Ulster Bank Makes Move to Deal with Toxic Property Debt
Late yesterday afternoon, Ulster Bank announced that they will be accepting bids on a portfolio of loans totalling €1.1 Billion in the next two weeks. This loan sale is known as Project Achill.
Project Achill is comprised of assets and lands over 3.53m sq ft of commercial property and a further 1,565 residential units, 817 acres of land and 918 hotel rooms. By real estate value, Project Achill is weighted Dublin 46.9%, Northern Ireland 26.3%, Rest of Republic of Ireland 9.5%, England 9.3%, Scotland 7.6%, Other 0.4%.
This sale is similar to the recent sales of loans by NAMA and IBRC which were bought by US vulture funds Cerberus Capital management, Goldman Sachs and CarVal Real Estate Investment company. Typically what has been happening in Ireland over the past twenty four months is that the US vulture funds are paying in some instances as low as 10c in the € for these loans with the view to getting a very strong return over a relatively short space of time. Not a bad deal if you could get a piece of the action.
Where does this sale leave the borrowers?
We have seen previous vulture funds take a cold, clinical approach to realising their new acquisitions. The Vulture funds are driven by profit like any business and therefore any borrower wishing to retain their assets will have to be savvy and intelligent enough to demonstrate that by working with the borrower they [the Vulture fund] will get more profit back. This is not an ideal process for a recovering economy, and in many cases it won’t be a pleasant process for the borrowers, many of whom will have viable businesses and will need to negotiate with the fund and have their “A” game in place. With change there is opportunity, and therefore potential for adding value to your business; however, borrowers will need to act quickly in order to get the best deal possible and survive.
What actually happens?
The fund/investors write the cheque for the loan and subsequently contract the servicing of the loans to debt servicing companies like Pepper Finance or Capita to name two. They will then write out to the borrowers and invite proposals to pay down the debt. The debt servicing company will then make a recommendation to their client in terms of the next steps. The trend in this country to date is that they appear to favour the road of enforcement, get full control of the assets and then work to a business plan. If you were writing a cheque for £1bn then you would likely do the same, unless you are in receipt of fairly innovative and strong business proposals.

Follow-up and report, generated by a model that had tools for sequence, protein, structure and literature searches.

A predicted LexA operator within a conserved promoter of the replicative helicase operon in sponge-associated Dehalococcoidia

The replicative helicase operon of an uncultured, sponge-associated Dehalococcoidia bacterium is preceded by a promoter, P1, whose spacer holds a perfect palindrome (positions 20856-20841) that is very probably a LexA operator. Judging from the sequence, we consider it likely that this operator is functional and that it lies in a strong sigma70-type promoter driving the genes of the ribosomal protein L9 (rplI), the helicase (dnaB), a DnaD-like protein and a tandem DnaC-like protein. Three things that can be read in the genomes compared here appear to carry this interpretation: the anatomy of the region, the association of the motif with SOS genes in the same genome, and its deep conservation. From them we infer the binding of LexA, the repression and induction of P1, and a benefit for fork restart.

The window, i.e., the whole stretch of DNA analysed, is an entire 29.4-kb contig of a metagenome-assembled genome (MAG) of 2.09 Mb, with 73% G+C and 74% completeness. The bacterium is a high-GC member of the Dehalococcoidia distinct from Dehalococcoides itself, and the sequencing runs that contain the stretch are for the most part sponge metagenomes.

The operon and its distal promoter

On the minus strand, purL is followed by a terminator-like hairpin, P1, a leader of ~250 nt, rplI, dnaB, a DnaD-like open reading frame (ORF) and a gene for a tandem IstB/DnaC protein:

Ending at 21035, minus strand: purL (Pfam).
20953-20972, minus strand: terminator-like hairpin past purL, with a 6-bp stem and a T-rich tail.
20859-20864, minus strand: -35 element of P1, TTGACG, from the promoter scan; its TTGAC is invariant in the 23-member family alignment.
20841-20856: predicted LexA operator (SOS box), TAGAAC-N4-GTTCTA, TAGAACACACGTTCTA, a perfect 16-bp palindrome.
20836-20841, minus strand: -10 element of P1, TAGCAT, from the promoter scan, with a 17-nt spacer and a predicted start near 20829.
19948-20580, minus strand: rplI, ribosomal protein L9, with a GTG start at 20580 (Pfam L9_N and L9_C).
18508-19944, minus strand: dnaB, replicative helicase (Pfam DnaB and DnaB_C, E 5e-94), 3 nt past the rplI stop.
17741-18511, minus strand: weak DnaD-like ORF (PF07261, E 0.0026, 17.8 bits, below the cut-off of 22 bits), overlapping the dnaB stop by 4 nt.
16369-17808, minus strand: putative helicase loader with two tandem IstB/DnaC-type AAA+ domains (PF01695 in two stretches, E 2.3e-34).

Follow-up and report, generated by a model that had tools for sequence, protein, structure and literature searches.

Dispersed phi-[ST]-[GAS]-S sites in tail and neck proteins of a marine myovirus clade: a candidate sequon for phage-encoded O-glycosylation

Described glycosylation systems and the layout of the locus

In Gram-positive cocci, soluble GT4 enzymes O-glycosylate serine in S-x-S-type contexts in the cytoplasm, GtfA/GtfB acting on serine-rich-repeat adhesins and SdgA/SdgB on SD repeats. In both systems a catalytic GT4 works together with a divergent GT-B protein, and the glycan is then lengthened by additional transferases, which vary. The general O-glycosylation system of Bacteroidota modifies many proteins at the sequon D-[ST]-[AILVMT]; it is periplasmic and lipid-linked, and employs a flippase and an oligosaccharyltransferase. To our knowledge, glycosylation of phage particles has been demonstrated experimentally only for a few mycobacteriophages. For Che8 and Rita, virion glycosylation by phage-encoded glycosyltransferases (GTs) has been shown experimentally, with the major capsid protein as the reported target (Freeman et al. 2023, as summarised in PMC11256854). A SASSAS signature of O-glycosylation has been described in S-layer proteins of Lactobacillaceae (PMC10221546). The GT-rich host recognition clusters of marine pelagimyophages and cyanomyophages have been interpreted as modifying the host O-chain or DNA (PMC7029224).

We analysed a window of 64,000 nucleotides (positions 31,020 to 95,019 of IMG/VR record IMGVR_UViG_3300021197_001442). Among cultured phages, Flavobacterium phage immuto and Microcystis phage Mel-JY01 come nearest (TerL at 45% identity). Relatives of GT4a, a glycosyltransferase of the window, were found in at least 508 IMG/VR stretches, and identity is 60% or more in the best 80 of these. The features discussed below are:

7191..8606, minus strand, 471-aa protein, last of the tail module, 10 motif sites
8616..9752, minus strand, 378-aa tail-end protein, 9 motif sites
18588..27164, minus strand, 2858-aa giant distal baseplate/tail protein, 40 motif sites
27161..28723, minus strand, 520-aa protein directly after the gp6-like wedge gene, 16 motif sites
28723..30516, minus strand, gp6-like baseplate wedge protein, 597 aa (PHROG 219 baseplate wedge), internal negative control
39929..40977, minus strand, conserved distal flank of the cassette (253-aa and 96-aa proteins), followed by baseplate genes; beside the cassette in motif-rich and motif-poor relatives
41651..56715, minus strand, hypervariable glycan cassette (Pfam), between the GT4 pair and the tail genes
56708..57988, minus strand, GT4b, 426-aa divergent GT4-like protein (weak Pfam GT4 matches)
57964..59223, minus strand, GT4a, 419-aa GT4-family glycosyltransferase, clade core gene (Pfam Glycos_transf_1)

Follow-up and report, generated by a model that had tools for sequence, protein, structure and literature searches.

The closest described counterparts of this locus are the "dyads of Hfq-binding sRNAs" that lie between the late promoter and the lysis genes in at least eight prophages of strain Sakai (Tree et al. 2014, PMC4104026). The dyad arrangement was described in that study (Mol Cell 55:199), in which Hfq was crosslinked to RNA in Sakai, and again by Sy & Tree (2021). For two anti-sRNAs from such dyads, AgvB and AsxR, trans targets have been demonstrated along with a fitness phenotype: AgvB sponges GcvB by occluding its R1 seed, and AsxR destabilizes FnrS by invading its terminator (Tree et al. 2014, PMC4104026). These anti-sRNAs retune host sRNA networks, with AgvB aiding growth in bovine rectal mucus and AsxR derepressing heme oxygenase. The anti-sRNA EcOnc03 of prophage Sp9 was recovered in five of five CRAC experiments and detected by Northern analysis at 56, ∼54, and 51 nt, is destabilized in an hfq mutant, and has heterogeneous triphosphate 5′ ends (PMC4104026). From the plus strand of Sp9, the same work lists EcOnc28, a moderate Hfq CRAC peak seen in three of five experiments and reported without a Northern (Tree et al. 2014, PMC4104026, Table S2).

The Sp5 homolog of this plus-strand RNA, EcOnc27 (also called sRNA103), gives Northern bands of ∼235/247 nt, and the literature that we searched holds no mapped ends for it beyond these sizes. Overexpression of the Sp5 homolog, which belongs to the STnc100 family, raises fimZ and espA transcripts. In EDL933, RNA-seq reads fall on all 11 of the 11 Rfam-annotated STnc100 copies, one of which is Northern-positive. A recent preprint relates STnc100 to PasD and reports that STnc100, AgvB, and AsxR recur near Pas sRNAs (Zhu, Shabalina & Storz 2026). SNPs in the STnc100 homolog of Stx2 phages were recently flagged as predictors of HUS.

What should borrowers do?
The borrower needs to be ready to engage with the new lender and have a plan/strategy in place. In most cases, the borrower will have to have access to new finance if they are to have any chance of retaining ownership of the assets. The new owners of the debt will not be here to procrastinate. They will work to a very tight 3 - 5 year business plan for the most part, with their main aim being threefold 1) profit 2) profit and 3) profit.
In the last month, our own practice has launched a new £50m fund, which was set up to assist borrowers in unlocking exactly the sort of positions being created by project Achill. If you need some more information on this, please give us a call. Whether it be with us or someone else, access to new finance is the name of the game.
So what next for Ulster Bank?
Ulster bank has experienced its fair share of problems, like a lot of the banks in the last few years. Their policy has changed several times and, being as objective as possible, it would be fair to say that their conduct and policy changes have been somewhat erratic. What has happened in the last 12 - 18 months is that RBS are tightening the screw on the bank. We all now know that Ulster has lost the RBS group billions of pounds as a result of the property crash, and it has also caused serious other stresses and pressure points within the group. In the last few months, they have gotten rid of West Register, the infamous property development wing of the bank, and they have also rebranded the highly controversial and unsuccessful Global Restructuring Division, which now trades under RBS RCR Ireland.
We were advised last year that the bank was moving towards a more aggressive stance in dealing with their toxic property book and this development with Project Achill demonstrates exactly where they are now and what they are trying to achieve.
Some may see this loan sale as another signal of the impending exit of Ulster Bank from Ireland. Already some of the media are speculating today that this loan sale may be linked to the failed merger with PTSB which came up in the press recently. Some suggest that post this clear out, the merger may be back on. Let’s wait and see what develops.
Although Ulster Bank is far from currently functioning as a normal Bank, its exit from the market could be bad for the long term economy in Ireland. A healthy economy needs strong competition between Banks who compete for customers, lending at competitive rates.
The only conclusion anyone could arrive at today regarding Ulster Bank's future in Ireland is that it is less than certain. It’s clear that RBS are trying to offload, however for the moment, there are no takers.
It’s certainly a very interesting development and we all watch this space with interest.